Another significant example is that of Justice Leila Seth who, as a member of the 15th Law Commission of India, was instrumental in bringing about amendments to the Hindu Succession Act, 1956, which secured daughters’ inheritance rights over ancestral property. She was also part of the three-member Justice Verma committee, set up in the aftermath of the gruesome 2012 Delhi gang-rape case, which recommended speedy trials and more stringent punishments for sexual offences.
Representation Is Necessary But Not Sufficient
There is no denying that progressive male judges too can pronounce pro-women judgements. Likewise, the isolated instances of some women judges championing gender justice, highlighted above, do not mean that all women judges are progressive or feminist.
“More than gender, it is the lived experience of marginalisation and discrimination, and the commitment to social transformation that is likely to impact judicial behaviour in a radical way,” said Chaudhary, who argued that women were often inducted into male-dominated professions with the flawed notion that they may be more empathetic or sensitive.
“Being a woman is no guarantee of being feminist and also does not mean being empathetic in some ‘natural’ way. This also sets men free from the burden of being empathetic to the needs of the marginalised,” she said.
“The relationship between more women in the judiciary and greater gender sensitive jurisprudence is not a linear, one-track one,” said Sanyal, the researcher quoted earlier.
To impute that women judges are more sensitive to women victims and litigants, is also inconsistent with the experiences of these judges.
“The fact that I am a woman does not change the duty that I am entrusted with as a judge and therefore my approach towards female litigants is the same as it is with male litigants,” said Sahu, the civil judge quoted earlier. “If the law applicable to the two is the same, then there is no question of extra sensitivity towards any particular gender as there is no bargain in the application of law.”
There is no empirical evidence to suggest that women judges are likely to pronounce gender-sensitive judgements. On the contrary, women judges may be more reticent to being openly feminist in their rulings.
“The burden to tone down one’s politics and maintain a façade of neutrality is higher for women,” said Sonavane, the co-founder of CPAProject quoted earlier. “Because they are operating within a system that is predominantly upper caste men, women judges often do not want a pro-woman bias to be attributed to them.”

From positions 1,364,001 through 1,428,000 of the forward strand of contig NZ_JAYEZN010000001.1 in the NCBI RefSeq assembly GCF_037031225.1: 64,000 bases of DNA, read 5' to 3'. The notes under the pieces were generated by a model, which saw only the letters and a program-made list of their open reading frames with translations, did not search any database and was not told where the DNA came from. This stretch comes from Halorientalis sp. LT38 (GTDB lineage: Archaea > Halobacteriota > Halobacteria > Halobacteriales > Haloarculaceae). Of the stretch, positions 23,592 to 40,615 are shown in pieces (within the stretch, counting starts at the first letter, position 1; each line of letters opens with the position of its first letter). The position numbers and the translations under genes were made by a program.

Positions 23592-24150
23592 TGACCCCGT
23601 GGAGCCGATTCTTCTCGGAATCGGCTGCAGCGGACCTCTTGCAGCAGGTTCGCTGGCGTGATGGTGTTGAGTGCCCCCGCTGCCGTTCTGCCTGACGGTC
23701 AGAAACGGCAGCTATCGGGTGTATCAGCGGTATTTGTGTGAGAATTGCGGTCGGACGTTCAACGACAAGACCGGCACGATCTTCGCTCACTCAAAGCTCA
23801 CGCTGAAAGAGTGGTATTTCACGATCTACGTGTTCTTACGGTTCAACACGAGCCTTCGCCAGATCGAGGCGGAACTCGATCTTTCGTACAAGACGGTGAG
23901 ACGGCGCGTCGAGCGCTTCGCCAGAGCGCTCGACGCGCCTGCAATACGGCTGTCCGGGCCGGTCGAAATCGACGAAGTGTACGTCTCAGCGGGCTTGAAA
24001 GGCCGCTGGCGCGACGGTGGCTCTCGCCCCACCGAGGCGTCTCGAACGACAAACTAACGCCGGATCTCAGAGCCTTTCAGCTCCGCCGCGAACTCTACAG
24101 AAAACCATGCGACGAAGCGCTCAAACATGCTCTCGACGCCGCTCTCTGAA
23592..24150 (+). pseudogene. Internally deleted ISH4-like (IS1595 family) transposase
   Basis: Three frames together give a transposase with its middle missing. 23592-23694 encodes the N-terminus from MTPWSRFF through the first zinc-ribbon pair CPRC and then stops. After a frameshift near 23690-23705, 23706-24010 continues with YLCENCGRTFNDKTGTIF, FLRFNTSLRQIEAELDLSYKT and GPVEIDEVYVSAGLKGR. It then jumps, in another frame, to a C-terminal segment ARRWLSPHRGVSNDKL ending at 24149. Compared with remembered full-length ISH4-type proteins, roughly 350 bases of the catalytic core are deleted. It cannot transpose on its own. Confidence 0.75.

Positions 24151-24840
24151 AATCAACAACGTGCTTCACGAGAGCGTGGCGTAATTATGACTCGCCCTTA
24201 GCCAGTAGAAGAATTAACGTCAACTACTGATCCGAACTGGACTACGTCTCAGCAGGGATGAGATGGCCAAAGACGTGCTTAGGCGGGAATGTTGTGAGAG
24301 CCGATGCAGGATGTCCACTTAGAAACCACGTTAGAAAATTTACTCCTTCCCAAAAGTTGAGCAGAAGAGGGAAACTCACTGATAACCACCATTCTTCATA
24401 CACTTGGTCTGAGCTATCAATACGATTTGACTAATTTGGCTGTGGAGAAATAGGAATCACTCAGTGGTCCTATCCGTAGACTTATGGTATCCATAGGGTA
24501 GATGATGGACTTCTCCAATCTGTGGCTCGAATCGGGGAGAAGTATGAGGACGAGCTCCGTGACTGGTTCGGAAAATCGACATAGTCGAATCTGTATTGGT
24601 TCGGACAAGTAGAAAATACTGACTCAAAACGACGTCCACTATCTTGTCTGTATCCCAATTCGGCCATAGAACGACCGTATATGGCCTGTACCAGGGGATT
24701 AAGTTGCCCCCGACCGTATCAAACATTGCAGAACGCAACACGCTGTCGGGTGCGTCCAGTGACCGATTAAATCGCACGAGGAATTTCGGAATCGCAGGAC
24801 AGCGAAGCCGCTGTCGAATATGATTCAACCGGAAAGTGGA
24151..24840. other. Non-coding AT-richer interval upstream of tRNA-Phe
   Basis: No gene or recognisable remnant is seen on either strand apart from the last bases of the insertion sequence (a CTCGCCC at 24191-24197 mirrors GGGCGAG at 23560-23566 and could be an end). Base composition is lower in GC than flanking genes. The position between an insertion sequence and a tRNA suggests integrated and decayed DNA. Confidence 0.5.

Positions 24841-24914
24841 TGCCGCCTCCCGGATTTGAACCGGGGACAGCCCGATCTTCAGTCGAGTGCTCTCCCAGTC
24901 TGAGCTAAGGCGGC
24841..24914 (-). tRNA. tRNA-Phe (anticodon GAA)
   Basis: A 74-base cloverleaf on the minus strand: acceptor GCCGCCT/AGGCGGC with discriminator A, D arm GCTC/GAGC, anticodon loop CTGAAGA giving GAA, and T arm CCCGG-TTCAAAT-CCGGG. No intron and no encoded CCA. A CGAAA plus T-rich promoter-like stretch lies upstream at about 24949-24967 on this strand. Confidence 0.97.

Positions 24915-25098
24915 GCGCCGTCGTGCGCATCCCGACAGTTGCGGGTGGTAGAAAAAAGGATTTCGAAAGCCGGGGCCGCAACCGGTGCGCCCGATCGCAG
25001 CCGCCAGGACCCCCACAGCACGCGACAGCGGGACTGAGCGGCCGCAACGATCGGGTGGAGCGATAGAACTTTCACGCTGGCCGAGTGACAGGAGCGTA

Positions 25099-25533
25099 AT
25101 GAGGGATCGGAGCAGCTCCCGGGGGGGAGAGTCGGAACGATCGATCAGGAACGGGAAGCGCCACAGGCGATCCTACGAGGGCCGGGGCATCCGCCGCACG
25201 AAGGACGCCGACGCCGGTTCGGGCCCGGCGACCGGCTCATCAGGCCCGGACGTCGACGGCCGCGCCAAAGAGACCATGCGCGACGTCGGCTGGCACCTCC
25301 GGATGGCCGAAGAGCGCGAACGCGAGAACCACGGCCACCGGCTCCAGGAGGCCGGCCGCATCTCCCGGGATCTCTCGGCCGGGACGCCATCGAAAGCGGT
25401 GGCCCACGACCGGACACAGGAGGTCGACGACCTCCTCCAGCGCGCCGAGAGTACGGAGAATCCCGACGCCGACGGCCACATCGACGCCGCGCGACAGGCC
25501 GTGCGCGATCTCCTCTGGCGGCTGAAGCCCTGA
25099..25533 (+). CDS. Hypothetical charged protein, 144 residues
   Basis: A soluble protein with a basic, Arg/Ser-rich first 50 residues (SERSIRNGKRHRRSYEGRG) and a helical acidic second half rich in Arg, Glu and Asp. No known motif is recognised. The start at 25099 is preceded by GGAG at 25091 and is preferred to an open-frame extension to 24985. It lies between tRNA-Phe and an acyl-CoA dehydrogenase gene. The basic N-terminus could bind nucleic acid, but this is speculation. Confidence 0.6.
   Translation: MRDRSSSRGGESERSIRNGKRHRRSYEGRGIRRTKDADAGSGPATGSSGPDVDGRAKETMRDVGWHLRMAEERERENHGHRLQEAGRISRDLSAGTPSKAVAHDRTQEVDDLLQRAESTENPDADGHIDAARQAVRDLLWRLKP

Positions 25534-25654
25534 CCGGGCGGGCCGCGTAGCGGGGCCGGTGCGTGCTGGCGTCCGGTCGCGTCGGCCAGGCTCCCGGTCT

Many feminist judges are wary of even suggesting that gender might be relevant to their judging for fear that they may appear biased, found Rosemary Hunter’s 2018 research paper, which studied feminist judgements in Australia.
“Despite being judges, we are still vulnerable,” said Justice Sridevan. “We are so few; we do not want to be seen as unfair.”
Sonavane, who re-wrote the Supreme Court’s verdict in Uday vs State of Karnataka as part of the Feminist Judgments Project, India, wondered if she could have written the same judgement had she actually been a judge. Her alternate dissenting judgement convicted the accused of rape in a ‘promise to marry’ case by challenging the presumption of consent in the context of the inter-caste dynamic between the accused and the prosecutrix. “I hope I would have been able to write a dissent but I would probably have to tone it down,” she said.
The Feminist Judgments Project, India, which involved a collaborative writing of alternate judgements in cases with a significant bearing on women, illustrates the potential of a distinctively feminist jurisprudence.
What Can Be Done?
Considering that judges irrespective of their gender presentation can lean towards or away from feminist values, an argument can be made that sensitivity to gender discrimination needs to be cultivated specifically.
“You want a system where all judges are trained to check their own biases, think reflexively and act in a gender sensitive manner regardless of their own gender,” said Sanyal.
Justice Sridevan’s experiences lend merit to the value of gender sensitization training. She learned how the Convention on the Elimination of all Forms of Discrimination Against Women (CEDAW) could be used in judgements during one such training camp and applied what she learned in a case involving two women who had been denied membership to an educational trust.
Sanyal said such training should be a regular feature for judges. Chaudhary advocated gender-sensitisation training not only for judges but for lawyers and suggested it become part of the legal-education curriculum.
Jaising’s open letter recommended that sexist remarks in judgements be documented and barred from judicial language, and lawyers and judges who condone sexist behaviour not be promoted.
Sonavane also advocated better accountability but maintained that nothing could replace the need for women to hold positions of power themselves. She added that affirmative action at all levels of the judiciary could increase female representation.
“If a day comes when there are so many women judges that you do not think in terms of a quota,” said Justice Sridevan, “then you will automatically see an impact on jurisprudence.”
(Shruti Sundar Ray is an independent journalist.)
Previously on Article 14: